Caffeine causes tiny muscles in the Fallopian tubes to slacken off, reducing their ability to help carry eggs from the ovary to the uterus, a U.S study has found.
Eggs must make the journey down the tubes if successful conception is to occur. Microscopic hairs called cilia are understood to help move the eggs along but the process is assisted by waves of muscle contractions in the Fallopian tubes.
In lab tests on mice, scientists from University of Nevada in the U.S found that caffeine reduced the muscle activity in the Fallopian tubes.
“This provides an intriguing explanation as to why women with high caffeine consumption often take longer to conceive than women who do not consume caffeine,” said Professor Sean Ward from the University of Nevada’s School of Medicine.
The study, which was published in the British Journal of Pharmacology, could also help doctors better understand pelvic inflammation, sexually-transmitted diseases and ectopic pregnancies, Professor Ward said.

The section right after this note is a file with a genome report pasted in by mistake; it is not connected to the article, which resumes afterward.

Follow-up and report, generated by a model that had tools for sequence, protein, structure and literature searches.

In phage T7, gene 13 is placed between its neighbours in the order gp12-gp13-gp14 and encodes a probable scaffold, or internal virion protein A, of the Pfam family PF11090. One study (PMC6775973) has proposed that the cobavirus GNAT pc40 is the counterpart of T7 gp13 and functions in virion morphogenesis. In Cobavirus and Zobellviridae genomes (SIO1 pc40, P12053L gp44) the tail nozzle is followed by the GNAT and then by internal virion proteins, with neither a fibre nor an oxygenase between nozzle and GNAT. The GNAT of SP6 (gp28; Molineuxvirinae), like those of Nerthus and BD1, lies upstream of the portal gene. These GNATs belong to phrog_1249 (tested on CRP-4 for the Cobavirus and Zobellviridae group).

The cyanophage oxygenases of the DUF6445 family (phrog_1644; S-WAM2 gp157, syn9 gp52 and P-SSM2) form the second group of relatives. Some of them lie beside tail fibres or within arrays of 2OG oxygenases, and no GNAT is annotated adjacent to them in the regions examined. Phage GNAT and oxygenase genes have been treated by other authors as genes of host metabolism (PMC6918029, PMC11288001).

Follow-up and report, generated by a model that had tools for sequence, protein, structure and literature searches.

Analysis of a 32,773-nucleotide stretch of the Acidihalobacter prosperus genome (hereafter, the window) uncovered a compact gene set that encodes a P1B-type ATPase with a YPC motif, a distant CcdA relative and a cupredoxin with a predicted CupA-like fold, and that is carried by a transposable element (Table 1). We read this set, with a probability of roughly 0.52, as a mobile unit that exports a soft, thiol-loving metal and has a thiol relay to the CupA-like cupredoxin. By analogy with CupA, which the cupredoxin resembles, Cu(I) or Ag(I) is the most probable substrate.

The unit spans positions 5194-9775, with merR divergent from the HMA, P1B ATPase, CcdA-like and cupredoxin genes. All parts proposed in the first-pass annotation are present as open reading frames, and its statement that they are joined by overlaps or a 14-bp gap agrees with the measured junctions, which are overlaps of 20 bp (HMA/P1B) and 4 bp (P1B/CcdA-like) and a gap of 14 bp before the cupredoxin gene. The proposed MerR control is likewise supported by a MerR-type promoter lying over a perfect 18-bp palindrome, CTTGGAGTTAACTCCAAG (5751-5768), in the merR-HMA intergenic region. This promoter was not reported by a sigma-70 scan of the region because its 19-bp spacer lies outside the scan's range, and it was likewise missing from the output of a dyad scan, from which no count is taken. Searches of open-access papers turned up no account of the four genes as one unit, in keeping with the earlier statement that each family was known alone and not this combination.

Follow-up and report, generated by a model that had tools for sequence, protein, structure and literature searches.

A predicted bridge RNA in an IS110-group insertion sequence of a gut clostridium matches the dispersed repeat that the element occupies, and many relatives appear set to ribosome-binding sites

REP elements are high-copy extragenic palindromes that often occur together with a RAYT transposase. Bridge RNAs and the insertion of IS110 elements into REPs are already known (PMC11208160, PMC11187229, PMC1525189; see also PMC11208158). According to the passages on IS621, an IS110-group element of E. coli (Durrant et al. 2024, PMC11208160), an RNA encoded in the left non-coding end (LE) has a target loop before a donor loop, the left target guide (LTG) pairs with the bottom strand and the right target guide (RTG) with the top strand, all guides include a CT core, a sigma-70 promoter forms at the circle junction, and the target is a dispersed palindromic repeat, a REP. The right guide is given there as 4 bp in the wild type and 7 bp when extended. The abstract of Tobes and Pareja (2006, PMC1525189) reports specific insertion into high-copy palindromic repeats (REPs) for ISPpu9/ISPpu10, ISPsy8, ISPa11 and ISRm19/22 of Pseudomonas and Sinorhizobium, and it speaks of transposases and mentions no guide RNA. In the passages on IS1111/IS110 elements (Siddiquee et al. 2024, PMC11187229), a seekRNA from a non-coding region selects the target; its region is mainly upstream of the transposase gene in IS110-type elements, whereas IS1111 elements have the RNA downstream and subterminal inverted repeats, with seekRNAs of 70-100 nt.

Professor Robert Norman, an expert in reproductive medicine at the University of Adelaide, said that in this study, a lot of caffeine was needed to reduce fertility.
“The doses used were large and in vitro. The epidemiology around caffeine is weak but this may have some interest to fertility specialists as a potential mechanism for infertility,” he said.
However, he said women trying to conceive should consider cutting out coffee and caffeinated drinks.
“Most preconception lifestyle programs emphasise the reduction or elimination of caffeine so I think that is very sensible,” he said.